Greenwood has two types of templates:

  • App Template: The app shell if you will, that wraps all pages. This is provided for you by Greenwood, but you can override if needed. (though not recommended)
  • Page Template:. Nested within the app template, and how you define different pages / layouts for your site. Common layouts would be used for a home page, documentation pages, blog posts, etc.

Page Template

In order to make a page template, you need to create a LitElement based custom element that contains a number of pre-defined variables, elements, and imports. You need to do this in a file within your templates/ directory named -template.js.

Here is an example page-template.js (the default one included with Greenwood). You can just copy / paste this to start your own page template.

import { html, LitElement } from 'lit-element';

class PageTemplate extends LitElement {
  render() {
    return html`
      <div class='gwd-wrapper'>
        <div class='gwd-page-template gwd-content'>

customElements.define('page-template', PageTemplate);

Note: the filename must be in the format <label>-templates.js and the customElements name must be page-template.

Template Hooks

A number of hook variables are defined that tell greenwood to do different things


MDIMPORT; Tells Greenwood to import a markdown file into this component. But we also have to define where the compiled markdown element(page) will be placed within our page-template. Hence below within our render() method you will see the <entry></entry> element. That defines exactly where to place it.


METAIMPORT; and METADATA; hook variables import the default greenwood meta component and data which handles all your configured meta data. You can then render this component within the render() method using the METAELEMENT variable hook.

The complete example can be found in the greenwood source which is the default page-template.js if no other is defined.

With a completed page-template.js present in your src/templates/ folder you can define which page uses it via front-matter at the top of any markdown file. See Front Matter Docs for more information. Simply including a file named page-template.js will overwrite the greenwood default template for all markdown files, without needing to declare the template at the top of markdown file.

App Template

In order to make an app template, you need to create a LitElement component that contains a number of pre-defined variables, elements, and imports. You need to do this in a file called your templates/app-template.js.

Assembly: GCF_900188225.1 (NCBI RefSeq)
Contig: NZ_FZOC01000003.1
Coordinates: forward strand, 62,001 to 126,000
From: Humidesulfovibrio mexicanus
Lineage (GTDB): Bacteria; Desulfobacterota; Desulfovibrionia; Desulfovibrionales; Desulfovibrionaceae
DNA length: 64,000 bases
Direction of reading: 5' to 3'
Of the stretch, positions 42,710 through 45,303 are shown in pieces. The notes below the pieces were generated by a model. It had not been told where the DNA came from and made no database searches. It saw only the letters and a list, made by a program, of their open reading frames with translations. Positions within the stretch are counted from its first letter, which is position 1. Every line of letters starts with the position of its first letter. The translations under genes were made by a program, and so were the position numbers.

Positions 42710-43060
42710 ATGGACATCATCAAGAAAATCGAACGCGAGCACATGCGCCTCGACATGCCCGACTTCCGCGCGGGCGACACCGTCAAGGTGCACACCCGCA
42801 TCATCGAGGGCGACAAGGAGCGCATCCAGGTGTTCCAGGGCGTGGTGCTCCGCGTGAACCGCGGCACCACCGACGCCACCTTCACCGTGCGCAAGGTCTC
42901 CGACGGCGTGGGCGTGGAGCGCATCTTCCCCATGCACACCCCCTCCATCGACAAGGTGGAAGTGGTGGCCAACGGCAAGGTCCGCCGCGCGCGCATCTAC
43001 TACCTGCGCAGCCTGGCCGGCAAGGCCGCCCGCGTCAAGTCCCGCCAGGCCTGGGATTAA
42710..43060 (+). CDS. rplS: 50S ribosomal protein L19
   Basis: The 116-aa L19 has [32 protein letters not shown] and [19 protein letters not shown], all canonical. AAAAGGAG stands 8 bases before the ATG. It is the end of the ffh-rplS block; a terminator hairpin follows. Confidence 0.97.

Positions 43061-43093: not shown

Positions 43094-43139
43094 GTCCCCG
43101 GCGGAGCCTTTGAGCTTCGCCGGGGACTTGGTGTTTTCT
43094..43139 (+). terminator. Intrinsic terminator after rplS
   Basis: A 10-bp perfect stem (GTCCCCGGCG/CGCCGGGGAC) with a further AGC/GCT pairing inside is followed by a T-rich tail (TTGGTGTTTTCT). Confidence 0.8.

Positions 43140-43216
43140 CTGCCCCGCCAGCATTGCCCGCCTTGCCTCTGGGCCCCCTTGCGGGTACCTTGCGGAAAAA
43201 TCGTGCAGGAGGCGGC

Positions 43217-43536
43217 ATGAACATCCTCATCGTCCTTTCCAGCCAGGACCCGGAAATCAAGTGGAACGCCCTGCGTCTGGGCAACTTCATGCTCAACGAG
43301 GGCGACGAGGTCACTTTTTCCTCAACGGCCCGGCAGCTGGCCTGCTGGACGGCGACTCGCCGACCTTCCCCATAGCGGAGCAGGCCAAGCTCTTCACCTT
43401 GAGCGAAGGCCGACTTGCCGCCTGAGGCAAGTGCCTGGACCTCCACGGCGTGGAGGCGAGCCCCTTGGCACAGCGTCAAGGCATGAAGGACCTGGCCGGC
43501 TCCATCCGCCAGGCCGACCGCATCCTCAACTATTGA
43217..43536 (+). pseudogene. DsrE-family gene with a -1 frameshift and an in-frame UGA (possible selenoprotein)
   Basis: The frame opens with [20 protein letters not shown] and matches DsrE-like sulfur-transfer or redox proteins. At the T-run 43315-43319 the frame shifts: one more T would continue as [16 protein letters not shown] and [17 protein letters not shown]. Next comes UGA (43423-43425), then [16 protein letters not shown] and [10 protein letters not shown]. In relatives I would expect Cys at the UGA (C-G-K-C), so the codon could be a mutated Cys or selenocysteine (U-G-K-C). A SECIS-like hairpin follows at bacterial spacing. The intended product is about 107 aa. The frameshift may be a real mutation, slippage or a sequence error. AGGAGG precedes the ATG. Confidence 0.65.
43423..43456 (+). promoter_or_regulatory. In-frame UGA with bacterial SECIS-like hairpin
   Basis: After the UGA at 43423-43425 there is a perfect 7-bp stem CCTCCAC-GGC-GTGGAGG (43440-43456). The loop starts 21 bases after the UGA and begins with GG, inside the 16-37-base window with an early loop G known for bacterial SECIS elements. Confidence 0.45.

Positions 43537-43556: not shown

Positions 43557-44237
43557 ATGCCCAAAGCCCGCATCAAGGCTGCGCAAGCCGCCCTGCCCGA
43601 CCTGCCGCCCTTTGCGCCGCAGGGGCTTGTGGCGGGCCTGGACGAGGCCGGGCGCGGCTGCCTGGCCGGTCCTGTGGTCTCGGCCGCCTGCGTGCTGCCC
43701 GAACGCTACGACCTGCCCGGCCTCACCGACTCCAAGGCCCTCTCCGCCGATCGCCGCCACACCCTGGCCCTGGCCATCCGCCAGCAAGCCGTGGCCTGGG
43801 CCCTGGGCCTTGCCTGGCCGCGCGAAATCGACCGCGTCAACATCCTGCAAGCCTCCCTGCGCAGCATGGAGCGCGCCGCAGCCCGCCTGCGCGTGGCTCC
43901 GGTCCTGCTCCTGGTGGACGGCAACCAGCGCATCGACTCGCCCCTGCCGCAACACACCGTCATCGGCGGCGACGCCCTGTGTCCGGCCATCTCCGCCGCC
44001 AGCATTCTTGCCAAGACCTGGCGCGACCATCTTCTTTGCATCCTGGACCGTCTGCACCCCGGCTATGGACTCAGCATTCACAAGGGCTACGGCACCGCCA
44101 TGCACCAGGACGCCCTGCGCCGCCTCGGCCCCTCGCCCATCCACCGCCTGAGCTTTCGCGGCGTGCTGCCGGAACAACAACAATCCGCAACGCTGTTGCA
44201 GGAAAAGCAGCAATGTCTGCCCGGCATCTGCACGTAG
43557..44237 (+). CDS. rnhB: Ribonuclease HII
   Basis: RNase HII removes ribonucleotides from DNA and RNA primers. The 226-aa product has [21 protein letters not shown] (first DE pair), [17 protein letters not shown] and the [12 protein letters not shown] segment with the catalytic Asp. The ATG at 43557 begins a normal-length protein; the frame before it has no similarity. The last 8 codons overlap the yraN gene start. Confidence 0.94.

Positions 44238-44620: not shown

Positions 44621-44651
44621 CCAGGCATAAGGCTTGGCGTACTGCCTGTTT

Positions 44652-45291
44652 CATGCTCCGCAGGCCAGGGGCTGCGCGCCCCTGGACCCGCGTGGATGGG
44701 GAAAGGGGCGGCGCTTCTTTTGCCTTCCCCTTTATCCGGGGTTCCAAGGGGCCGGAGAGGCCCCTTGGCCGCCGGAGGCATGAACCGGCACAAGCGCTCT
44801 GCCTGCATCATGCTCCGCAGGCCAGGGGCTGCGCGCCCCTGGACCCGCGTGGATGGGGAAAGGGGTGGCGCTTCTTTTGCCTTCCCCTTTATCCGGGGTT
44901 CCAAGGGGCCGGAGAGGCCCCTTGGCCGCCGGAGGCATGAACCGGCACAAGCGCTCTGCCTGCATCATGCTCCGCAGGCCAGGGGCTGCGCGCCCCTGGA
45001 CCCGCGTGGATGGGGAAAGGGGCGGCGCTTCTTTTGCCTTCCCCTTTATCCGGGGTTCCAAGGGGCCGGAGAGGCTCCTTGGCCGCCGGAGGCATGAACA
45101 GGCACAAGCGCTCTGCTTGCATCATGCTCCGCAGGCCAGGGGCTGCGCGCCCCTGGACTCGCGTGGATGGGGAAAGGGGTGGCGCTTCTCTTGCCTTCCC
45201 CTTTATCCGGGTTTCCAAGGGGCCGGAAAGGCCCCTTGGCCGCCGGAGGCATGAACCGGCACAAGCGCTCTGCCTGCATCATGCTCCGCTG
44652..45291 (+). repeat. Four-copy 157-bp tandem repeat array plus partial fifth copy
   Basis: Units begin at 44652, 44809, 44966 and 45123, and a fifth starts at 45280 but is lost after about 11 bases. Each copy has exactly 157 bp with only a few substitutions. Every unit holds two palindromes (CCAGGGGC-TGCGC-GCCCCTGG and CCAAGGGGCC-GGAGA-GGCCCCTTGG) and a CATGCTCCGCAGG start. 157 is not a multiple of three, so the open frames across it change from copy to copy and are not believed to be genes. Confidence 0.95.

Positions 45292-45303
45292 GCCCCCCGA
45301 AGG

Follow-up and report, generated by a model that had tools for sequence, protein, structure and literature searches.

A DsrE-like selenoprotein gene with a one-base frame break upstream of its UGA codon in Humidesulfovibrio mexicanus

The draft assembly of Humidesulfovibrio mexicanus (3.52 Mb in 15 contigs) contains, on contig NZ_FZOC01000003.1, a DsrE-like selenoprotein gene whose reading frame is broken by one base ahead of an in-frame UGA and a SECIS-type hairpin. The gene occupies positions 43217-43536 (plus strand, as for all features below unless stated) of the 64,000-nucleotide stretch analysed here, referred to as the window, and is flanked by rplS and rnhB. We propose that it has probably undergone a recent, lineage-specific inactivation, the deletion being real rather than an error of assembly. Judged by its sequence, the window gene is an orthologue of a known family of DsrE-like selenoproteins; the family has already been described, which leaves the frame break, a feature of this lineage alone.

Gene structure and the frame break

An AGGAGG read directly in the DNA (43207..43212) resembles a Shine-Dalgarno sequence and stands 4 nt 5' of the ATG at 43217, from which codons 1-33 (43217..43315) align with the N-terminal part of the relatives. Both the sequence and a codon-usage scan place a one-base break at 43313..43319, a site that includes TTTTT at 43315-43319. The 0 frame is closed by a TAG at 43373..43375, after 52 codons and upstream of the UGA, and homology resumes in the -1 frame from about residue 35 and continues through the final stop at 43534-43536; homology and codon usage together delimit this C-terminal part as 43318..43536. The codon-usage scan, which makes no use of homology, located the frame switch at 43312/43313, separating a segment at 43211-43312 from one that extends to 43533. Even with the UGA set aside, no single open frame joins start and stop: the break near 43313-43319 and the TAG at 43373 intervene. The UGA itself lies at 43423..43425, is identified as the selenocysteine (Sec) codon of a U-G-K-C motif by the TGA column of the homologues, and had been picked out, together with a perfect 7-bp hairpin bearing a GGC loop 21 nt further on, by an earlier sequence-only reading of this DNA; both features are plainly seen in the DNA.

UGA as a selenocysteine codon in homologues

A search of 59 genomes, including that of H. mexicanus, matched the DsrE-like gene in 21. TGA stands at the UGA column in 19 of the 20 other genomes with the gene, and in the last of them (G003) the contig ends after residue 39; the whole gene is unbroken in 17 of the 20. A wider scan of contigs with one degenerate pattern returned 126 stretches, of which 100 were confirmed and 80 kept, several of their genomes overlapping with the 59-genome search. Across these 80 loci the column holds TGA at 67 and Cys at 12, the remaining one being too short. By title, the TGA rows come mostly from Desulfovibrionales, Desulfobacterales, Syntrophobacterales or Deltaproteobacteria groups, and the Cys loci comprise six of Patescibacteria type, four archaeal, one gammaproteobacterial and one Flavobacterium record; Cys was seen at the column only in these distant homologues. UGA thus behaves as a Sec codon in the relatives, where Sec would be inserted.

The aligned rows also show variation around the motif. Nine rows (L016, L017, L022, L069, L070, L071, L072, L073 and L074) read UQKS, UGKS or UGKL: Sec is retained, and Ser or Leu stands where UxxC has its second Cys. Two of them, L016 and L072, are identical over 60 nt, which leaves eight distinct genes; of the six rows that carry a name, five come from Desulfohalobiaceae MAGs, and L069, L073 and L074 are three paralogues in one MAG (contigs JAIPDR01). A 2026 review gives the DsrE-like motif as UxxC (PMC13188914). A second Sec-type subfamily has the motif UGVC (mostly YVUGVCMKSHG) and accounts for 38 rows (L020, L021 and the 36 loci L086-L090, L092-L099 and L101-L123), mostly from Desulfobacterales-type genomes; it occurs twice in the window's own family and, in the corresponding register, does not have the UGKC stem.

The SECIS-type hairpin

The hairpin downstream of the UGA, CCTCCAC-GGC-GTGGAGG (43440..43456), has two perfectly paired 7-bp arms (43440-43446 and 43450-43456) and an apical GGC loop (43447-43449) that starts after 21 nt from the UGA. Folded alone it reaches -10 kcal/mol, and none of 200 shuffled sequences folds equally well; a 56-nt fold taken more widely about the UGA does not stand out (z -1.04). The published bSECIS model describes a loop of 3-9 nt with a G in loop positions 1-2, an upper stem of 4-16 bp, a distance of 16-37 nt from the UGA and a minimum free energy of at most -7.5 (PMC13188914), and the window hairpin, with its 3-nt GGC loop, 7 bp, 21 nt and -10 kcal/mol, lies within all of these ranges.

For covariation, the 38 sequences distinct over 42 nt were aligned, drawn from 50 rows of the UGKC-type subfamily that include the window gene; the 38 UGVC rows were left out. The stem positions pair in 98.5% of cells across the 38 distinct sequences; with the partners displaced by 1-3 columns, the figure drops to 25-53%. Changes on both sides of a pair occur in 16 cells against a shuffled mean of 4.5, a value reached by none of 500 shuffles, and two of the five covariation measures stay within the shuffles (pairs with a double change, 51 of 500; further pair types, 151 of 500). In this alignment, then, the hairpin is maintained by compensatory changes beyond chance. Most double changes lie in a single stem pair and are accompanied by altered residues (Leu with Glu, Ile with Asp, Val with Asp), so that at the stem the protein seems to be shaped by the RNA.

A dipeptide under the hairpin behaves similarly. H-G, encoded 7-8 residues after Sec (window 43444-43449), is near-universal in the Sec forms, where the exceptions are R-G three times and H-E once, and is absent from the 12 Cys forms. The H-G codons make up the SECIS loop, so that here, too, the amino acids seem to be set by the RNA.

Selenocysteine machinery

First, we need our app template to use routes, by default greenwood uses lit-redux-router.

Here is Greenwood's app-template, which you can copy / paste as a starting point for your own custom app template, though it is recommended to let Greenwood manage this for you.

import { html, LitElement } from 'lit-element';
import { connectRouter } from 'lit-redux-router';
import { applyMiddleware, createStore, compose as origCompose, combineReducers } from 'redux';
import { lazyReducerEnhancer } from 'pwa-helpers/lazy-reducer-enhancer.js';
import thunk from 'redux-thunk';

// initialize a redux store
const compose = window.__REDUX_DEVTOOLS_EXTENSION_COMPOSE__ || origCompose;
const store = createStore(
  (state, action) => state,
    compose(lazyReducerEnhancer(combineReducers), applyMiddleware(thunk)));

// Next we need to import a list of files that will be generated when Greenwood is run
import '../index/index.js';

// Finally we can connect to our store and define our component.

// Add the MY-ROUTES(without dash) predefined hook. This is where all your routes will be loaded.
// You may also opt to define a custom 404 route here.
// You must define the app-template with the element name eve-app
class AppComponent extends LitElement {
  render() {
    return html`
      <lit-route><h1>404 Not found</h1></lit-route>

customElements.define('eve-app', AppComponent);

A working example can be found in the greenwood source which is the default app-template.js if no other is defined.


You can create all your pages in a pages/ directory in your projects workspace. You can also create nested pages and the page paths will map accordingly.

For example, given this folder structure:

└── src
    ├── pages
        ├── blog
        │   ├── first-post.md
        │   └── second-post.md
        └── index.md

You will have the following page URLs:

  • /
  • /blog/first-post/
  • /blog/second-post/